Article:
Segra Genesis, A DC Crossover Night at the Pitch

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As you have probably heard us mention a few billion times, Mike and I went to the opening of Segra Field on Friday night for Loudoun United. Below is a recap of our experience. 

After picking up Mike at the Serone Estates, and after a few beers and wings to open up our stomachs a bit, we shipped off to the anticipated opening of Segra Field. It is a relatively pleasant drive as you near the stadium, traffic cones lining the roads, giant construction vehicles abandoned for centuries. That’s the great thing about Northern Virginia road construction, there appears to never be an actual deadline. The contracts must end just with a “?” as far as the anticipated date of completion goes.

As we passed Leesburg Airport, Mike mentioned to me that he had considered getting a pilots license once. I can speak for the rest of the planet when I say I’m glad he gave up that dream of flight.

We followed the trail of cars and slowly lurched forward, directed by Loudoun County’s finest and also by what appeared to be Loudoun County’s weirdest: those arm-waving guys that tell you where to go at concert/sports venues. What a job. Every car knows the direction to go, oftentimes there is literally only one way to go, and yet there is a man in a bright orange vest standing there wildly waving his arms, urging you to yes, indeed, go THAT way.

Funny enough, just as we were about to turn into one area of the parking lot, we were loudly informed to go down a different winding road. This went completely against the orange arm-wavy guy. There didn’t appear to be much order or sense in the reasoning, just a desire to create as much confusion as possible.

I don’t like pressure parking. That situation where there is a long line behind you and you have to just pick a spot and you MUST get it right the first time. I much prefer to find the most isolated grouping of empty spaces possible and ease my way in. But alas, in a stadium situation, the pressure is high, and as my front grill crunched into the end of the space I knew this would have to be good enough.

We set off on the long trek to the field, a small hazy dot in the distance. We had been told days earlier to enter through the East Entrance Media Gate because we had a small recording device for the podcast, which apparently means we both automatically earn Journalism degrees. The first issue we realized that while we both had taken Compass 101 in school, we had sadly slept through it entirely, and had no idea how to judge which side of the stadium was EAST. I politely asked a nearby attendant where the media entrance was, and he was so taken aback that he was expected to know that sort of information that he just kind of shuddered and walked away.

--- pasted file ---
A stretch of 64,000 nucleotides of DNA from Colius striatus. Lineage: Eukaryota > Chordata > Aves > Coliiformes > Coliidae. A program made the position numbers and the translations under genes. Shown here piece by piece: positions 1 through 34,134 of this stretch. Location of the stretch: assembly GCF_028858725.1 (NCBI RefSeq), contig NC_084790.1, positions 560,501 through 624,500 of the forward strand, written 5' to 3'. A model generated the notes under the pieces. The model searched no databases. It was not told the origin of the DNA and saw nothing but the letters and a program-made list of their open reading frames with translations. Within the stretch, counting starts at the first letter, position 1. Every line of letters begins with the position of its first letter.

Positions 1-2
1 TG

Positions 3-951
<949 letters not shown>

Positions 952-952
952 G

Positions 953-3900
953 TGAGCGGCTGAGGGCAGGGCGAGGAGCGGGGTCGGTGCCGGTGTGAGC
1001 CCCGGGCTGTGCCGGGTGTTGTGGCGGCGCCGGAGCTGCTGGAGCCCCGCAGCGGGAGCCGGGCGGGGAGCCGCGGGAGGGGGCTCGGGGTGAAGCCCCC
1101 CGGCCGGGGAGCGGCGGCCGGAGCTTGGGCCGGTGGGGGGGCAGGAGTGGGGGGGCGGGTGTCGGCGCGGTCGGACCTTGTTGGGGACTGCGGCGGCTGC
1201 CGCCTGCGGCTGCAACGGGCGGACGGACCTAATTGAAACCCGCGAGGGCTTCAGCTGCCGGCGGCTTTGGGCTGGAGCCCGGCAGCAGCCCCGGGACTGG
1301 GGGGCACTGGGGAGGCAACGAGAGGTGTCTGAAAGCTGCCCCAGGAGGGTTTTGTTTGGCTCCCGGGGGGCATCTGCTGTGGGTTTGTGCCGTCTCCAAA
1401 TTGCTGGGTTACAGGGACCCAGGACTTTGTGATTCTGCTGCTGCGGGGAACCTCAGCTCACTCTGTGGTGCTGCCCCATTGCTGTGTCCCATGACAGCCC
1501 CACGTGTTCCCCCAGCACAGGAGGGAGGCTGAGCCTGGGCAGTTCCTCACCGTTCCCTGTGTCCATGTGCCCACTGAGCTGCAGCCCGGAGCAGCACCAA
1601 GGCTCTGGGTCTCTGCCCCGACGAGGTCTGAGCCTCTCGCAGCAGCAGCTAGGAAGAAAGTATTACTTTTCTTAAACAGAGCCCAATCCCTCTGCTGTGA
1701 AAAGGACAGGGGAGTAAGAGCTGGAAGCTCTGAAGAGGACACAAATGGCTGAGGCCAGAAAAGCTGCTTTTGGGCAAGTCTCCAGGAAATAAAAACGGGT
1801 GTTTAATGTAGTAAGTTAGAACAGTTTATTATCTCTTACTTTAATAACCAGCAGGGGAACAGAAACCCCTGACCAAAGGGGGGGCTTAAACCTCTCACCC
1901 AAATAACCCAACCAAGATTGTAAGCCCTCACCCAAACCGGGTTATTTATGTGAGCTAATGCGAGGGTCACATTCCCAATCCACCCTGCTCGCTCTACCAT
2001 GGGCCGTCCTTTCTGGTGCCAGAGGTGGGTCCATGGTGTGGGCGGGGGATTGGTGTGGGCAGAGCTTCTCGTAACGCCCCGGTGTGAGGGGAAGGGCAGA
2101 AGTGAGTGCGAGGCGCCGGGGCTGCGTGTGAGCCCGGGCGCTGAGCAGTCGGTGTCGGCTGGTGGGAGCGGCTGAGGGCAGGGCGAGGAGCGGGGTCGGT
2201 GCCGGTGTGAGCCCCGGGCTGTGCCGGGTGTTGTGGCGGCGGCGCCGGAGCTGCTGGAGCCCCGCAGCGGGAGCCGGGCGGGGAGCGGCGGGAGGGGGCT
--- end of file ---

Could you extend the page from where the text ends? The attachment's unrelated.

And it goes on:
After minutes of walking and sweating, we found a small fold up table that was covered in lanyards so it appeared we were in the right place. The guy manning the check-in asked us what we needed, and I fumbled with my phone to show the email I had received from a member of Loudoun United.

“Did you talk to Kate?” he asked, raising an eyebrow.

“Um no, I think it was a Chris..?”

This seemed to be the right name, as he handed us two blank press passes to write our names on. I considered for a moment just writing “Michael Wilbon” on mine, but my nerves got the better of me.

We were in. With press passes. We were MEDIA.

The first thing we wanted to test was just how far this newfound power could get us, so we approached the security guard standing at the field rope and immediately held our passes aloft. He squinted for a moment, probably thinking to himself: man, they just let anyone become “media” these days. He sighed, raised the velvet rope, and Mike and I stepped onto the turf.

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I will say, the field is pretty beautiful. Pristine, new, and us two boneheads were right there rubbing elbows with professional camera guys and people in suits.

After some more field pics, it was time to get down to the reason we were there in the first place: the food. Segra Field had around 7 or 8 food trucks lined up around the stadium for fans to peruse. We picked the first one, Grubbers, and placed our order. Mike was to sample the cheese dog, I was to dip into some chicken tenders and “chippers”. What we didn’t know was by placing that order we were settling into 45 minutes of standing and waiting for the food truck employees to remember how to make both of those extremely complicated dishes.